Posted by David Gillespie in branding, business strategy, conversation, marketing.
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Readers who recall my 5 step marketing mantra will remember point 5 stated the most remarkable thing you can have is exceptional customer service. We’re sadly still in a place where a number of organisations don’t get this, due in large part to the customer service departments being seen as a necessary evil, a cost of doing business. As a result, the people staffing these roles are not empowered to simply solve problems and instead are hamstrung by rules designed to elicit the bare minimum of support; enough to keep the customers at the table but not nearly enough to actually make them happy to be there.

The contrast between the great and the not so great was rammed home for me recently thanks to a lousy experience with one of the world’s largest magazine publishers and one of the world’s smallest cafes. Those who know me know my love for coffee is wholly unbridled, bordering on obsessive. They will also know the outright contempt I hold for the Starbucks of the world, suffice to say North America is not David-friendly when it comes to my dark master.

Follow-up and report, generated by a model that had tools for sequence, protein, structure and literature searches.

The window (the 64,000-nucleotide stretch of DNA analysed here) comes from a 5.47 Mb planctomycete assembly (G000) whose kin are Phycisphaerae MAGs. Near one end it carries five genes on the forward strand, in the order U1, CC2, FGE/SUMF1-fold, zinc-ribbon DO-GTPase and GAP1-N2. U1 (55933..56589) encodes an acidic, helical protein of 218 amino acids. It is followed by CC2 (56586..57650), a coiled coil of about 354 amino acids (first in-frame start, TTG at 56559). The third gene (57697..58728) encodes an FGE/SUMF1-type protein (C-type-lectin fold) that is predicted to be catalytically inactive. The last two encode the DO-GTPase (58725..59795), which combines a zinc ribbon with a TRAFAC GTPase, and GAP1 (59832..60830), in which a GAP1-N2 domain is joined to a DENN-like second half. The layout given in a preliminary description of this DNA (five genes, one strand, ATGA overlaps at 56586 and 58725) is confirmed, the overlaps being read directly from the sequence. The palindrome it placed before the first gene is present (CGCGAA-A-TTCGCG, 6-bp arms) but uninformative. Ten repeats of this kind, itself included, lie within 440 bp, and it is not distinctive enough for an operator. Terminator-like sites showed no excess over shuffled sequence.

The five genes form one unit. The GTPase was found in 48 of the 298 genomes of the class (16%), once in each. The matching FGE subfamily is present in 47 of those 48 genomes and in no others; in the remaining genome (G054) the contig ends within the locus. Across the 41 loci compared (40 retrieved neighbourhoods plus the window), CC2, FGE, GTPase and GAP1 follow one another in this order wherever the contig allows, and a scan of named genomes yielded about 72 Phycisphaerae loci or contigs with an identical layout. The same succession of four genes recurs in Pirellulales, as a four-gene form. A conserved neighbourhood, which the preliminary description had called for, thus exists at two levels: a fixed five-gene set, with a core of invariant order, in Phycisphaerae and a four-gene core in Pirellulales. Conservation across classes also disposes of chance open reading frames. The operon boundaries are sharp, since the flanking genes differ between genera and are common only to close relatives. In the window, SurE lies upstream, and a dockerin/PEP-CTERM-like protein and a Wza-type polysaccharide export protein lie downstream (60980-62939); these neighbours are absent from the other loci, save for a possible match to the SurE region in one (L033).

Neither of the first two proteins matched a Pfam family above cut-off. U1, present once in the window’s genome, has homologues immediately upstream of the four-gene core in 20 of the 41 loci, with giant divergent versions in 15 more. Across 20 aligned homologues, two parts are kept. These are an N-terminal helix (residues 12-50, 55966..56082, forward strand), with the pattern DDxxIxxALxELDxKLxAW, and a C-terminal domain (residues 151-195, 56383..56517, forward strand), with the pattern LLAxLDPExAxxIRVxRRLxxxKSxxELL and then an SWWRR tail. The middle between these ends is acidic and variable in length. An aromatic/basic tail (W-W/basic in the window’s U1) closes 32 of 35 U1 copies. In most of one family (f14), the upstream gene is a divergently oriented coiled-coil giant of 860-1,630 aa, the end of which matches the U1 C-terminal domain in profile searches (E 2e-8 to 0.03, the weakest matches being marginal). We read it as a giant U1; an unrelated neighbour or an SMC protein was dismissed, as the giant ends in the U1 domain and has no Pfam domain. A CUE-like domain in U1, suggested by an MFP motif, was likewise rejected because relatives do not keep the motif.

Reach out and touch somebody

Reach out and touch somebody

Thankfully here in Toronto I have found Balzac’s, an independent coffee house which roasts its own beans and makes, quite simply, the best coffee I’ve had here so far. Having fallen in love with the store-bought goods I began ordering online, and when the first batch showed up, I was greeted with a hand-written card, offering up a 15% off code for my next order and a note about their Facebook application.

Let’s review that people:

  • I already love the product
  • They’re making it cheaper for me to get
  • AND they’re offering me another way to interact with their brand.

Contrast this with Conde Nast, who told me, when my issue of Wired failed to appear (while my co-workers waltzed around with their’s) that I needed to wait 2 weeks before they could fulfill a missing order. Having waited patiently, I contacted them at the appropriate time to be told:

We are sorry to inform you that the issue you requested is no longer available.